Originally Published 2016-01-14 04:54:41 Published on Jan 14, 2016
Bruising commodities rout: Onset of a scary economic tsunami?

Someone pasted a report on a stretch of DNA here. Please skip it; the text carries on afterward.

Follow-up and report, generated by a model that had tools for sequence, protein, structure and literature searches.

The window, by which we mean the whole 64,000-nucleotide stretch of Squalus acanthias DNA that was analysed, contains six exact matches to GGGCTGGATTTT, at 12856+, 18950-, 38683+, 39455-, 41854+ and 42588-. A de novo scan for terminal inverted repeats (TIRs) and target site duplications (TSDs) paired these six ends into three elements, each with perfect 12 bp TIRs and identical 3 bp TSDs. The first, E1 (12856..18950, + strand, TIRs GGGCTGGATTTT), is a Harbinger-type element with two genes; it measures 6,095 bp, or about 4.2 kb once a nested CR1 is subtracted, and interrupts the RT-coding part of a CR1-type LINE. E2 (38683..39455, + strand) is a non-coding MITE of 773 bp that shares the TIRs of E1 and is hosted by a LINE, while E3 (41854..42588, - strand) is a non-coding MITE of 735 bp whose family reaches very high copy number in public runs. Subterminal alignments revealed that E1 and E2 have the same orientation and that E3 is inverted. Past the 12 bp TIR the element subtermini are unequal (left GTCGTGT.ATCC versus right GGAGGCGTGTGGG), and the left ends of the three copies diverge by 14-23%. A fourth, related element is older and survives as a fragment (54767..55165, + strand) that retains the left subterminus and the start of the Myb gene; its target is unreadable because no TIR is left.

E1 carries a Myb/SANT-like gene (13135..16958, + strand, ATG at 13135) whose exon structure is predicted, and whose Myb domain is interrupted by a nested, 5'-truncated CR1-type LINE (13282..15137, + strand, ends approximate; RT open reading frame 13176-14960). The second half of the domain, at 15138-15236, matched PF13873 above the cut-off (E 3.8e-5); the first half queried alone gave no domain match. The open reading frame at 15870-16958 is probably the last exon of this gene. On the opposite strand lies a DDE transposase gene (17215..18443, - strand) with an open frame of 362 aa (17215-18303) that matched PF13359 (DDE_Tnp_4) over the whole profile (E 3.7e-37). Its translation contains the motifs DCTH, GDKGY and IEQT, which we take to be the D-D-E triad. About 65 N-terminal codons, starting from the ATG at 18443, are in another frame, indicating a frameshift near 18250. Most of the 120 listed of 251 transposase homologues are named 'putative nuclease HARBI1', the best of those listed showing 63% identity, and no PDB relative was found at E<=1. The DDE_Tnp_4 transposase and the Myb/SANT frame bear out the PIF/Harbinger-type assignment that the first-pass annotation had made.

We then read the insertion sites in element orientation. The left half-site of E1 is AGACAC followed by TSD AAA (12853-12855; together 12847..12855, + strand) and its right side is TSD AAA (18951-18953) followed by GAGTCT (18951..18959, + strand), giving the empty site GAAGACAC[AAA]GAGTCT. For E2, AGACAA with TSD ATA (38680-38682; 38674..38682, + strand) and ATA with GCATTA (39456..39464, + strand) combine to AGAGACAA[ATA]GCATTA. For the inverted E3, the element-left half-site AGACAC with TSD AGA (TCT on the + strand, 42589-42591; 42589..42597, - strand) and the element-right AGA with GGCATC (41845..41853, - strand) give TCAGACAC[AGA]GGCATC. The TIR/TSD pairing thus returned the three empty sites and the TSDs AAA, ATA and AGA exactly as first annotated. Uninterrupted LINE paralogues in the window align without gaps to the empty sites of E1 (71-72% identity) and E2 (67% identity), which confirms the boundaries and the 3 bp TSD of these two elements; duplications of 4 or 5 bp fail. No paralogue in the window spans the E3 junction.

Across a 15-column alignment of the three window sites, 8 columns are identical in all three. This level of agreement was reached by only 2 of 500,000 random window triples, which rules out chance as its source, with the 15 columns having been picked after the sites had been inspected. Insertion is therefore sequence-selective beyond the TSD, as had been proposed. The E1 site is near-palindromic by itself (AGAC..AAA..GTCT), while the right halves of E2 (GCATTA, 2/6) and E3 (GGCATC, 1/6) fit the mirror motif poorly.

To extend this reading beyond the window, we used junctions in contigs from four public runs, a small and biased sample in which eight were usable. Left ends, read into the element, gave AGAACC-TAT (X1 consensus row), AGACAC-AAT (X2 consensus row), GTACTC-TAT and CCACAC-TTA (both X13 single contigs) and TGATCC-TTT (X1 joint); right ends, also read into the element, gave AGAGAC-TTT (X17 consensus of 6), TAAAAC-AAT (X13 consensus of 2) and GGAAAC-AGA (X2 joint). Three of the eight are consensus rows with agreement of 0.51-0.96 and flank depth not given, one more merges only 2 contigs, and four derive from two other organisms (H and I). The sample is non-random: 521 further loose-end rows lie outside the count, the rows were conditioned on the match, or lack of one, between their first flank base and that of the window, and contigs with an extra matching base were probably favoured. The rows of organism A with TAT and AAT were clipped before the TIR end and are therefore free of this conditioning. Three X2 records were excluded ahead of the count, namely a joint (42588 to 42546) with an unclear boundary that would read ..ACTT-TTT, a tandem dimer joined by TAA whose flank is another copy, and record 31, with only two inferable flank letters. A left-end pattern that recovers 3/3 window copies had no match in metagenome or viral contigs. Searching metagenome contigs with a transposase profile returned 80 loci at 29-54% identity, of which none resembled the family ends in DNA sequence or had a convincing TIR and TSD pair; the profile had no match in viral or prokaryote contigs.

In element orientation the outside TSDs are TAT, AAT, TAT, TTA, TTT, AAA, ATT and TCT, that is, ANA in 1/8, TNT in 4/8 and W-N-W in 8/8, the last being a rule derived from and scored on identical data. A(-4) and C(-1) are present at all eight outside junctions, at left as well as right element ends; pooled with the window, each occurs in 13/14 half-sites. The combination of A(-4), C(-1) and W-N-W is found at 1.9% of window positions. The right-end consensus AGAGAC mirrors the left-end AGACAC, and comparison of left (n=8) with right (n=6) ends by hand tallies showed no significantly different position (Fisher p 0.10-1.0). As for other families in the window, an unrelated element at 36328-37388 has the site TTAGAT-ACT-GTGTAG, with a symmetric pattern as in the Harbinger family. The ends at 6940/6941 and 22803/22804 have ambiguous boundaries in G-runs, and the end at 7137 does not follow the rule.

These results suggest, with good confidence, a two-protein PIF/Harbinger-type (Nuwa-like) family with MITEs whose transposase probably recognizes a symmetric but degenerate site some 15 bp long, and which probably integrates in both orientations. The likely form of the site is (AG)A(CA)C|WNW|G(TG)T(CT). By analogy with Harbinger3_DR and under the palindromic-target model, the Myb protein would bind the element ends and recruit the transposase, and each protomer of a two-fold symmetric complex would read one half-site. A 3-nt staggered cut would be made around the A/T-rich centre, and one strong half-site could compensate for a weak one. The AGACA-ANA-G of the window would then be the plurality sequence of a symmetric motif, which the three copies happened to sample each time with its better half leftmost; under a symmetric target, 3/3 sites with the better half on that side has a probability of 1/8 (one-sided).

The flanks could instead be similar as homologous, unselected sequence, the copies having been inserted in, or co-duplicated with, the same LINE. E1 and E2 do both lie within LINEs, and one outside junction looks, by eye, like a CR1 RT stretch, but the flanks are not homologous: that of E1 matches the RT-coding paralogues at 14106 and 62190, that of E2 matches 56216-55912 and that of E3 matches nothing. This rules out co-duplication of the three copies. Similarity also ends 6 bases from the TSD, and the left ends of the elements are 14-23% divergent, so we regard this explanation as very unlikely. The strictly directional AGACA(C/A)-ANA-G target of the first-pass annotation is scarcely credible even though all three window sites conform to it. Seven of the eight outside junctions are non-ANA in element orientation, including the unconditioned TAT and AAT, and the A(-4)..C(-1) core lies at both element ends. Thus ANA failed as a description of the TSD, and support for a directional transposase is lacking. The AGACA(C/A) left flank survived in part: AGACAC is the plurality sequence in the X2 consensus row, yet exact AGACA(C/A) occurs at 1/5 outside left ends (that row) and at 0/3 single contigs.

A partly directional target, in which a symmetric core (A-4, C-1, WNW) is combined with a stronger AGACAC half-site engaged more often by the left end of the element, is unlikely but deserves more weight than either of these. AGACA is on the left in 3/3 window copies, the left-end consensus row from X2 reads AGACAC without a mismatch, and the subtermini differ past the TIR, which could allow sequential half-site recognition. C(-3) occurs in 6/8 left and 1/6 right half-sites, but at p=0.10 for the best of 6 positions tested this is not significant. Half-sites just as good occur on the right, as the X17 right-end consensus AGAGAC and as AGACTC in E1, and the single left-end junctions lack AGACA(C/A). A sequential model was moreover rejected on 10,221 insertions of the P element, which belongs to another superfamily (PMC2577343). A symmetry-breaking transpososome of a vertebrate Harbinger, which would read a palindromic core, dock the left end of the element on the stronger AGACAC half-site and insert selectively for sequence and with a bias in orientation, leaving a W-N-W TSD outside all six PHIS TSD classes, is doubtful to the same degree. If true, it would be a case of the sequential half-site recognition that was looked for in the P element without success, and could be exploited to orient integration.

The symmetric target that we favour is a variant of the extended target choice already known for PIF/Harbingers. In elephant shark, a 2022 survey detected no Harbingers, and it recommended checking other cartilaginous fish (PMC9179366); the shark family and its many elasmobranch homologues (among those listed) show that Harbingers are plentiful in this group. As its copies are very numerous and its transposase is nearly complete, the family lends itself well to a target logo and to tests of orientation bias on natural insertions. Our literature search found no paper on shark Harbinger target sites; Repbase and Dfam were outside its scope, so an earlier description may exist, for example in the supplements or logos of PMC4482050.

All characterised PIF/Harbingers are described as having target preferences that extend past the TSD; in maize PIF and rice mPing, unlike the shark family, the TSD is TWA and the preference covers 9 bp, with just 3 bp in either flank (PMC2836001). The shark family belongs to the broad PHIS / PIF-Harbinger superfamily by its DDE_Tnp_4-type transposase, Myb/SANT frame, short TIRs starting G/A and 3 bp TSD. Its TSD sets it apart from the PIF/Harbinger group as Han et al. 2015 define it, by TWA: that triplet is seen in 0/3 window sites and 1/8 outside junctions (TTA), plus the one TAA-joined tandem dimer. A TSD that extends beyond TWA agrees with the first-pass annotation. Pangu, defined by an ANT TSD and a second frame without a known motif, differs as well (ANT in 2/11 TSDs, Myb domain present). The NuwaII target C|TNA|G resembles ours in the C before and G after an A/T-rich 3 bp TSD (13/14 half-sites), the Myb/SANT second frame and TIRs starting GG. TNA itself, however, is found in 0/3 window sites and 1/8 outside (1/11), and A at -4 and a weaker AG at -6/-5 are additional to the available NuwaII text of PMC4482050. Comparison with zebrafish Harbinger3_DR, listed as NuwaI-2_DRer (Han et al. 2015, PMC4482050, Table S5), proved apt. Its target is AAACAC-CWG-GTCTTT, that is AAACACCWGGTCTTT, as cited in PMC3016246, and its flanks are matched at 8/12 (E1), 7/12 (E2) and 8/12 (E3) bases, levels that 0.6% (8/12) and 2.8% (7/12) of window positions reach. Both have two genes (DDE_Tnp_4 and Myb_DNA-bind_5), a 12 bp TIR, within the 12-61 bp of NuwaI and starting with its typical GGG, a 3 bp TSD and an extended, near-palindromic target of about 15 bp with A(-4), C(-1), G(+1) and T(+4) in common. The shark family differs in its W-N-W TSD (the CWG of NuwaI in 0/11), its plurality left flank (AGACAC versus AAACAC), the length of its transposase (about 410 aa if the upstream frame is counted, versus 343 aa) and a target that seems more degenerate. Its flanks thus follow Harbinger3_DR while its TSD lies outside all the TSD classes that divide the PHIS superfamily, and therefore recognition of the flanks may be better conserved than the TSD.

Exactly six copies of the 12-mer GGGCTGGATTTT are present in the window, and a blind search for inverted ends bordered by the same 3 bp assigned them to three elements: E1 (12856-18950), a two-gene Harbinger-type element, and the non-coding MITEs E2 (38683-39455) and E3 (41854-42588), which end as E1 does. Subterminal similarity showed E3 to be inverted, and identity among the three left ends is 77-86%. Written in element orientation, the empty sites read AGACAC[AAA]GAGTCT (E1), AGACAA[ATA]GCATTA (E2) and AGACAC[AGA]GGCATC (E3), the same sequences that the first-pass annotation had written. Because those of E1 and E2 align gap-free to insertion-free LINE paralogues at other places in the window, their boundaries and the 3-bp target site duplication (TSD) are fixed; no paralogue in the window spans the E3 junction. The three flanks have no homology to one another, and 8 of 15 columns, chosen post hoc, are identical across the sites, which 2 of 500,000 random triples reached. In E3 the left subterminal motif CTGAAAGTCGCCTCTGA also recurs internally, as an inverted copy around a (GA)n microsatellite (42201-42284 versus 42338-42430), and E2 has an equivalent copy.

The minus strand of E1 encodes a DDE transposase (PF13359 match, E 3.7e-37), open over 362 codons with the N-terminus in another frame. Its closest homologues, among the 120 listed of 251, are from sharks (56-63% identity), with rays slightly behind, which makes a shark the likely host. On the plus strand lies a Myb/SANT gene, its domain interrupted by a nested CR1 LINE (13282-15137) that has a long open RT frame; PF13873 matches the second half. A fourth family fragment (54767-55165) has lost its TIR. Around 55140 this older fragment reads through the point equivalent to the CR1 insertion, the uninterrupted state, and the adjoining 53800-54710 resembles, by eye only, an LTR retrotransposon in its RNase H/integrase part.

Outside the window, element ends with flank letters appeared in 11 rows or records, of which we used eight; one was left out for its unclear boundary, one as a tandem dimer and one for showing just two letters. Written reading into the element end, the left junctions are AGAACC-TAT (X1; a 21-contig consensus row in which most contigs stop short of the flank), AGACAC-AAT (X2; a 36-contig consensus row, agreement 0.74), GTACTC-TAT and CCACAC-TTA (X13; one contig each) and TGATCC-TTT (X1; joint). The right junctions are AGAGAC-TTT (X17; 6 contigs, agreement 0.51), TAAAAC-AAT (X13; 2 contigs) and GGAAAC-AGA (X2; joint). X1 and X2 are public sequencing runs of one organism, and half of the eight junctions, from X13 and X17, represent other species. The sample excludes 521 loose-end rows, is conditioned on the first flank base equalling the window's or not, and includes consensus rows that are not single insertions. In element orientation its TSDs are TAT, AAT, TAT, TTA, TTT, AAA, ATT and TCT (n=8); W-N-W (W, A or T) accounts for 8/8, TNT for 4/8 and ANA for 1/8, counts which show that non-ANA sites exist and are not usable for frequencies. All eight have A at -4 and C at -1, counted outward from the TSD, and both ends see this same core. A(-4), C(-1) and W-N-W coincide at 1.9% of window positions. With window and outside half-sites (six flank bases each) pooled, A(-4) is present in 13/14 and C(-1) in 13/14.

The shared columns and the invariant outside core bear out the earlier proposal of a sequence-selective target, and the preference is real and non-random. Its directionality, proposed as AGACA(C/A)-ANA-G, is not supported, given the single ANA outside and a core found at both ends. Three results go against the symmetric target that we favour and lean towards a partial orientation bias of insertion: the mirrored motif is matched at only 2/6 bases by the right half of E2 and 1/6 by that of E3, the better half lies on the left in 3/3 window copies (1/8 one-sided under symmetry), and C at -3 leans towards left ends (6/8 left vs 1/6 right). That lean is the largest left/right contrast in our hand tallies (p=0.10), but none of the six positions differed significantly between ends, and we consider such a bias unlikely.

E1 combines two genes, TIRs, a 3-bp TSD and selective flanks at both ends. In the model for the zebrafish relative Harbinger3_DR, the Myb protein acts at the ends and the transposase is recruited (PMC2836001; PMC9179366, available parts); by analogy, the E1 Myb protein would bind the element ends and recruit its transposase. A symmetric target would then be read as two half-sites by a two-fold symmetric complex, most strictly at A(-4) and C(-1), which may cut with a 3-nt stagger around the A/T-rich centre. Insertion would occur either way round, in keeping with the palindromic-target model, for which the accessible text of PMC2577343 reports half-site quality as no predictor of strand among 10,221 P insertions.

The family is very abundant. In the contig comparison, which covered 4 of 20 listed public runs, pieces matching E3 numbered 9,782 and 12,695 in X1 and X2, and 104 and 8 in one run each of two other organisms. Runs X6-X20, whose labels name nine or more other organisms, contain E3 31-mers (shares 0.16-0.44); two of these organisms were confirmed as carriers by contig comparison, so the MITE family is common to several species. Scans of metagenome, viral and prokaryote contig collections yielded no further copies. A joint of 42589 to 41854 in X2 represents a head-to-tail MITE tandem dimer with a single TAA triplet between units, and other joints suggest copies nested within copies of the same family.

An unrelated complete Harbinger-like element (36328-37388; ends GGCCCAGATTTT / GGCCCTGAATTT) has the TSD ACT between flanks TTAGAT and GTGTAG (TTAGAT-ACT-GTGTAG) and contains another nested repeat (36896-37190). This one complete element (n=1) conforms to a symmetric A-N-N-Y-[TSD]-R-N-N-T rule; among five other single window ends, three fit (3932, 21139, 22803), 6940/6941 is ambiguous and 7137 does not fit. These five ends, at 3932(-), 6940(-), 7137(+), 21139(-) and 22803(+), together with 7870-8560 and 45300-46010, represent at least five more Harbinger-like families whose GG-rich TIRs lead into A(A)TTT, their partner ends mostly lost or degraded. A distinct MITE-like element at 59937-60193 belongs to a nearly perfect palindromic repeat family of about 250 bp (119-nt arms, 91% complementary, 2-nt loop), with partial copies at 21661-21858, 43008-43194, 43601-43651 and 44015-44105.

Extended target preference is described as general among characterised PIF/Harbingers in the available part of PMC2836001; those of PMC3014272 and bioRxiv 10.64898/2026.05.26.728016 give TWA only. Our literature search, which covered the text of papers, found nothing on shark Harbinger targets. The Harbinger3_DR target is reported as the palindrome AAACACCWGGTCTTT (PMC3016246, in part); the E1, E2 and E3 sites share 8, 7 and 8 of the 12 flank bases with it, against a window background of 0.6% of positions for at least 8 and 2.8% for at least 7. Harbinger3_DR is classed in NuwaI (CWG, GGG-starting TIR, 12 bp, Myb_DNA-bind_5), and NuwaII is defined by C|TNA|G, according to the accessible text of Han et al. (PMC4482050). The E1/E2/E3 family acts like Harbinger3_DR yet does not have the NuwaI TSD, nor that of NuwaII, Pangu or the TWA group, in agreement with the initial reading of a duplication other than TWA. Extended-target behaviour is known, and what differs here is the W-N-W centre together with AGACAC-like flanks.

It is no longer a bump in the carpet, with almost precision laser focus, the world of commodities has unwounded before our very eyes. The ferocity of the fall has shaken investors. Is the world going down in flames is a question being asked ever since the new year began? The shield of Achilles is pierced for the time being as the world is sucking on the tailpipe of a commodity meltdown which in turn has resulted in an equities rout. Imagine, crude oil that hit an all-time high of $147 a barrel in 2008 slipped below the $31 level < data-term="goog_1486126170">on Tuesday, down more than 30% in 2015 to an 11-year low. In 2016 alone, it is down a further 15 per cent. Wall Street Journal reported < data-term="goog_1486126171">on Tuesday that "Forecasters now say there is a good chance oil will fall below $30 a barrel, as global inventories continue to increase and the dollar strengthens, pressuring commodities. A stronger dollar typically weakens commodities such as oil by making the dollar-denominated commodities more expensive in other currencies. The global crude market is expected to become more over-supplied as soon as this month if sanctions are lifted on Iran, allowing the country to increase its oil exports." The oil glut can send at least a third of US oils into bankruptcy. Market watch which tracks these firms says, "Three major investment banks — Morgan Stanley, Goldman Sachs Group Inc. and Citigroup Inc.  — now expect the price of oil to crash through the $30 threshold and into $20 territory in short order as a result of China’s slowdown, the U.S. dollar’s appreciation and the fact that drillers from Houston to Riyadh won’t quit pumping despite the oil glut." As many as a third of American oil-and-gas producers could tip toward bankruptcy and restructuring by mid-2017, according to Wolfe Research. More than 30 small companies that collectively owe in excess of $13 billion have already filed for bankruptcy protection so far during this downturn, according to law firm Haynes & Boone. The deleterious impact of commodity unwinding and a strong dollar can devastate the global economic landscape to a great extent. And here is why a doomsday scenario is predicted if demand for commodities doesn't perk up: International gold prices, that hit an all-time high of $1921/ounce in 2011, slipped to $1050 in December, 2015. In India too, gold that had crossed the Rs 35,000/10 gm mark in 2013 plunged below Rs 25,000 level before recovering to Rs 26,000. The LME’s metal index dropped 24% last year, reaching the lowest since 2009. The Bloomberg Commodity Index, a measure of returns for 22 components, reported a negative return of 25% for 2015. Ergo with no money being made across set classes which are all bearing the brunt of a commodity crush, there is no investible ostensibly for anyone to invest in other asset classes. Traditional inflation or fish hedges like gold are also seeing no uptick. The world has gone mad is the common refrain. So, why is everyone grouching, more so if you are an Indian. Best news for oil importing economies like India where every dollar the needle moves downwards results in a saving of close to Rs 8000 crore on the oil pool deficit. India has saved billions courtesy the crude rout and this is a positive on the fiscal deficit front. Crude has fallen over 65% since the $107 level of June, 2014. Unfortunately India has not been able to use this advantageously, it could have pump primed government spending in infrastructure and other development areas to alleviate rural distress for instance and revive consumption. Sadly, the government has been slow to take decisions and this massive downturn has seen a golden opportunity being frittered away. A whole year of savings on imported oil and other commodities and consequent low inflation has thus gone by without any transformative decision making. Centrum Wealth says that the big party pooper for commodities has been China, the biggest contributor to oil and metals demand growth in the past decade. China is gradually moving towards a new growth model that is less commodity-intensive. The recent slowdown has forced China to reduce its commodity consumption and imports. According to official figures, China’s Q3 GDP growth dipped below 7% year-on-year (YoY), but many believe that the real picture is far more disturbing with growth around only 3% this year.  The Chinese National Bureau of Statistics reported that Chinese industrial profits fell to $103.8 billion in Nov’15 compared to the same period in 2014. China's recent devaluation of its currency suggests the economy of the world's biggest oil importer may be worse off than expected. Crude collapse hurts While many countries are celebrating this price crash, it is severely hurting oil producing economies. Saudi Arabia is staring at a record deficit of 15% of GDP, and the government has cut planned spending by 14% for 2016. In Nigeria, unemployment hit 9.9% in the third quarter of 2015, according to the National Bureau of Statistics. Russian currency Rouble has lost half its value against the U.S. dollar since the summer of 2014, when oil prices began to fall. Inflation in Russia remained above 15% throughout 2015. Household spending dropped by around 9% and 2.3 million more people fell into poverty in the first 9 months of the 2015. In US, the energy sector has cut more than 90,000 jobs. The broad commodities ETF traded on US exchanges ended 2015 down 27.59%, led lower by oil and natural gas. International oil companies are also paying a big price for the decline in crude prices. At ExxonMobil, earnings sank 48% through the first nine months of 2015, from $26 billion to $13.4 billion. Conditions were even worse at Chevron, where earnings plummeted 67% year over year during the same period, from $15.8 billion to $5.2 billion. At ExxonMobil, upstream earnings slumped by nearly $16 billion in the first three quarters of 2015. However, the company's bottom line was cushioned by a $3 billion increase in downstream and chemical profits. At Chevron, upstream earnings plummeted to a $600 million loss from a $14.2 billion profit a year earlier. Fortunately, downstream earnings more than doubled to $6.6 billion from $2.8 billion. Metals losing sheen In other commodities, industrial metals also sank last year. In 2015 on the London Metal Exchange (LME), nickel shed more than 40%, zinc and copper fell more than 25% and aluminium was down over 18%. Iron ore prices tumbled 40% in 2015, again due to global oversupply and shrinking Chinese steel demand. In coal, thermal prices fell almost a third in 2015, hurt by waning Chinese demand and the rise of renewable energy. Both iron ore and coal have shed around 80% in value since their respective historical peaks in 2011 and 2008. This big crash in commodities is hurting both commodity linked world economies and companies. Brazil, one of the world's largest iron ore producer and exporter, was a fast growing emerging market not very long ago. But the commodity crisis has paralysed the economy, which declined by 3.5% last year, making it the worst performer among the BRIC countries.  Brazilian currency Real has collapsed, government bonds are close to junk status and the stock market, in dollar terms, fell by 40% last year. South Africa, another commodity producing country, has seen its currency fall by 25% and markets by 23% last year. The stock of BHP Billiton, the world’s biggest miner, suffered a 35% cut in 2015, while Rio Tinto, the world’s second-biggest iron ore miner, fell 23% last year. Glencore and Anglo American, the world’s third and fifth biggest miners respectively, announced major cutbacks. Anglo American, which paid the Oppenheimer family $5 billion in cash for their stake in De Beers in 2011, today has a market cap less than $5 billion compared to over $50 billion five years ago. The $5 billion West Pilbara Iron Ore Project led by Aurizon, China’s Baosteel Resources and South Korea’s POSCO, has been halted. In precious metals, gold slid to a near 6-year low in Dec’15. It ended 2015 with a 10% cut, its third straight annual loss on a stronger dollar and prospects that higher U.S. interest rates will hurt demand for this non-interest bearing asset.  All these make for terrible reading, but harsh economic facts cannot be ignored. Let us take notice of this empirical data to put the wind in our sails and remain insulated in what appears to be the onset of a very scary economic tsunami.